GRENOBLE, France -- CEA-Leti, a leading global research center committed to creating and commercializing innovation in micro- and nanotechnologies, said today that its Hybrid Metrology Project has developed a way to reduce measurement uncertainty in the sub-28 nm nodes.
The continuous shrinkage of IC feature dimensions has made measurement uncertainty one of the key factors to be controlled to guarantee sufficient production yield.
Researchers are challenged to get accurate measurements of sub-40 nm dense trenches and contact holes coming from 193-immersion lithography or e-beam lithography. Top-down CD-SEM cannot provide profile information. Moreover, electron-material interaction (i.e., proximity effect, resist shrinkage phenomenon) leads to significant CD bias in the final measurements.
The Hybrid Metrology Project has shown noteworthy results in reducing measurement uncertainty at sub-28nm nodes using an alternative 3D-AFM (atomic force microscope) mode for CD measurement, the Deep Trench Mode. While traditionally this mode has been used for height measurement, it can be extended for certain applications to reach nanometer-scale accuracy of CD measurements employing certain optimized scan parameters.
The project's research findings, which were presented at the SPIE Advanced Lithography Conference in San Jose, CA, in February, also show significant limitations to aggressive trench-dimension measurements using the conventional 3D-AFM CD mode.
Hybrid metrology is related to the reference CD metrology feedback loop in conventional CD metrology process control that is mostly done by CD-SEM and scatterometry in fabs. Reference metrology is a means of accelerating R&D and cutting production costs, compared to CD-SEM and scatterometry techniques, through finer process window definition.
"The Hybrid Metrology Project puts CEA-Leti in a unique position of being able to help both equipment companies and chipmakers," said Laurent Malier, CEO of CEA-Leti. "We anticipate helping equipment makers develop a CD metrology production tool dedicated to hybrid metrology that will reduce R&D cycle time and improve production yield for manufacturers."
Project leader Johann Foucher, who presented the SPIE paper, said CD hybrid metrology potentially could be introduced in high-volume manufacturing for sub-28 nm nodes. That would require hybrid metrology tools and software that will simplify the communication and optimization of complementary techniques to obtain a relevant and low-cost CD metrology configuration.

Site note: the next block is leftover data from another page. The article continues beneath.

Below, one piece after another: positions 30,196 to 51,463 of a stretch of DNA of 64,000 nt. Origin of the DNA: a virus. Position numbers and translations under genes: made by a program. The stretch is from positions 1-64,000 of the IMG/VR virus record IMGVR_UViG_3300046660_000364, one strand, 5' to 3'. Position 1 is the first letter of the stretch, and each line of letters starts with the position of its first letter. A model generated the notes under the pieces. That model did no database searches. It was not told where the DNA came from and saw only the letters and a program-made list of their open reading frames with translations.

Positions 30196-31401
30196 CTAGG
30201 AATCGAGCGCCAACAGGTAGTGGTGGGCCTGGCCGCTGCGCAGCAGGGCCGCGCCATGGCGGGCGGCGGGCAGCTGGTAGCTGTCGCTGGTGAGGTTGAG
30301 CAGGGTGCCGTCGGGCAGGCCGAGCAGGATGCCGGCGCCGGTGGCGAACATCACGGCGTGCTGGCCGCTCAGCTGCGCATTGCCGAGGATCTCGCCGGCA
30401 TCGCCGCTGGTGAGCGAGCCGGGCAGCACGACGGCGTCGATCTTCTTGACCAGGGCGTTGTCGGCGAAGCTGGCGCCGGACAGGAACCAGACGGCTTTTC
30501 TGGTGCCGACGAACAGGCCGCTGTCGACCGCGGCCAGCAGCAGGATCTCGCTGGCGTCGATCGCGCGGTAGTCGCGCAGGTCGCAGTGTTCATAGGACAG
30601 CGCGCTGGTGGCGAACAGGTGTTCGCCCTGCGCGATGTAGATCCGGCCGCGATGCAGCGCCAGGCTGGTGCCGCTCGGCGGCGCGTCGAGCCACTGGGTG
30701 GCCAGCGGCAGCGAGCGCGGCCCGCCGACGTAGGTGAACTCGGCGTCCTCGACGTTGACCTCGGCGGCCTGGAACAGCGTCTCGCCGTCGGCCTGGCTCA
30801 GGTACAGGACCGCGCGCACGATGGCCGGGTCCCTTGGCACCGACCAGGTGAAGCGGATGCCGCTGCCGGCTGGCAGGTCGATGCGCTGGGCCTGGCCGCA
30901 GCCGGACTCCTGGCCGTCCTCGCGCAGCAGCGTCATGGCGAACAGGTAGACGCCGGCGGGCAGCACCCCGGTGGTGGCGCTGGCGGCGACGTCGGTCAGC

This hybrid metrology platform would facilitate and optimize data exchange between reference and production techniques. It decreases the number of measurement iterations as a function of accuracy control because it prevents introduction of residual errors due to poor accuracy of the initial production CD metrology technique.
CEA-Leti researchers found that by using a reference in-line CD technique such as CD-AFM, it is possible to replace most cross-section images currently done by scanning electron microscopy or transmission electron microscopy. The result is faster R&D cycle time for any kind of process control (lithography and etching).
For yield production, the final result is the same as for R&D because the accuracy lowers the total-measurement-uncertainty parameter and guarantees better CD uniformity and process window definition on a full wafer. The fabricated devices would have fewer performance variations from die to die, wafer to wafer and lot to lot, which results in higher production yield.
The Hybrid Metrology Project intends to develop all methodology and infrastructure needed to introduce hybrid metrology into high-volume manufacturing. It has already explored very advanced 3D-AFM tips that have been used with the enhanced Deep Trench Mode parameters, and ways of pushing the limits of 3D-AFM technology for measuring tight dimensions that could extend its capability for future nodes.
CEA is a French public research and technology organization, with activities in three main areas: energy, technologies for information and healthcare, and defence and security. Within CEA, the Laboratory for Electronics & Information Technology (CEA-Leti) works with companies in order to increase their competitiveness through technological innovation and transfers. Leti is focused on micro and nanotechnologies and their applications, from wireless devices and systems, to biology and healthcare or photonics. Nanoelectronics and microsystems (MEMS) are at the core of its activities. As a major player in the MINATEC excellence centre, Leti operates 8,000-m2 state-of-the-art clean rooms, on a 24/7 schedule, on 200 mm and 300 mm wafer standards. With 1,200 employees, Leti trains more than 150 Ph.D. students and hosts 200 assignees from partner companies. Strongly committed to the creation of value for the industry, Leti puts a strong emphasis on intellectual property and owns more than 1,400 patent families. In 2008, contractual income covered more than 75 percent of its budget worth 205 M€.